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'[EE] H-bridge problems'
2003\03\09@185754 by John Dammeyer

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Hi,

You can't just use the inverse of the drive signal for one leg of the
bridge to turn off the other leg of the bridge.  There's a period of
time where both devices will conduct and then you end up with a short
across the power supply.  Hence the burned out transistors.  And as the
transistors get warm,  they sometimes have the tendencies to stay on a
little longer exacerbating the problem if you design for and work cold.

I had a Paper Tiger dot matrix printer that had an H bridge controlled
by the uC.  It would, with really long listings blow the transistors
(TIPxxx).  I wasn't able to change the software running the H-Bridge so
the solution was a fabricated heat sink and a small fan blowing on the
heatsink. That kept the transistor temperature low and although it made
the printer a bit louder,  got rid of the problem.

The easiest way is to drive each leg separately and then switch one off,
delay and then switch the other on.  If you can't do that for lack of
I/O then you need to add external logic to delay the turn on of each
driver transistor but allow the turn off to happen quickly.

Cheers,

John Dammeyer


Wireless CAN with the CANRF module now available.
http://www.autoartisans.com/products
Automation Artisans Inc.
Ph. 1 250 544 4950


> {Original Message removed}

2003\03\09@191157 by Morgan Olsson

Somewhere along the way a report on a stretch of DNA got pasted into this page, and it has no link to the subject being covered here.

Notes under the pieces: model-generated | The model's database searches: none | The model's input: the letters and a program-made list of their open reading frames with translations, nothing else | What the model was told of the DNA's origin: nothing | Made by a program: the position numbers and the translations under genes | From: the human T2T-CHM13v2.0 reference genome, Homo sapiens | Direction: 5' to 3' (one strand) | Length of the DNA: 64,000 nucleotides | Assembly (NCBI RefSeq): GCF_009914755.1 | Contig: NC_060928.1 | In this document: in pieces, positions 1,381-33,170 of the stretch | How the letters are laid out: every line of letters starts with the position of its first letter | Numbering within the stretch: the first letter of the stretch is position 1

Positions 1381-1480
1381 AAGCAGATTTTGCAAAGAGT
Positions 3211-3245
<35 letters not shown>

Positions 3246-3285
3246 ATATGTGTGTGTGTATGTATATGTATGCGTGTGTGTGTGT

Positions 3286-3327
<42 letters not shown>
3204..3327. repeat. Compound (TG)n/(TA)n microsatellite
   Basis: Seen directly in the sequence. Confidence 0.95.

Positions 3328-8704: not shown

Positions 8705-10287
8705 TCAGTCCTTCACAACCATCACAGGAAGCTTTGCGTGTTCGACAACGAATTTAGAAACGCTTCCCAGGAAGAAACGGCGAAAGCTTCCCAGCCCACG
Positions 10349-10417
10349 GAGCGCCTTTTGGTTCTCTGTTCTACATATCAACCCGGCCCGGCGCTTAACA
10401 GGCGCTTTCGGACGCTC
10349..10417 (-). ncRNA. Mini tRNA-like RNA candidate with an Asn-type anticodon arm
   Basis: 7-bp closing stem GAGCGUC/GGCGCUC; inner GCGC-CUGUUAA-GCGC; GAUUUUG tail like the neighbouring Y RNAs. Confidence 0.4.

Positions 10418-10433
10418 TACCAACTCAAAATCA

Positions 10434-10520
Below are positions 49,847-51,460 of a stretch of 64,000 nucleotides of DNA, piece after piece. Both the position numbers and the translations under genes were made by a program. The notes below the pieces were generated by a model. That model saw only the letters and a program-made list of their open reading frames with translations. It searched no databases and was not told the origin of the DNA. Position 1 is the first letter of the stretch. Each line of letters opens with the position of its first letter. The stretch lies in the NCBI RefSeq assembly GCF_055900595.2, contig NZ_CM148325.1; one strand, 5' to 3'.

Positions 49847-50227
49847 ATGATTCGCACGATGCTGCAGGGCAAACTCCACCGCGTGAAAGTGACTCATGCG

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Hej RADAR Engineering Team. Tack för ditt meddelande 00:32 2003-03-10 enligt nedan:
>I am using pwm to an H-bridge to drive a DC motor.  I chose TIP145 and TIP140 because they can handle 15A max.  I plan on using 2n5210 switching transistors to switch the TIPs.  I want to switch at ~18-22kHz.  My first question is can the 5210s switch fast enough (I could not find switching characteristics) if not does anyone have a suggestion?  I will be running the bridge at 48VDC, so the transistor must be able to handle it.  Also, I used 2n2222s to test the circuit (using a 12VDC source) and I am steadily burning up transistors.  I have attached the schematic.  If anyone is able to help I would appreciate it.
>Thank you,

< Schematic1.JPG >

Add "free-wheeling diodes"  that means diodes across each of the four power transistors CE to protect them from reverse voltage, that the motor inductance couse when you switch them off.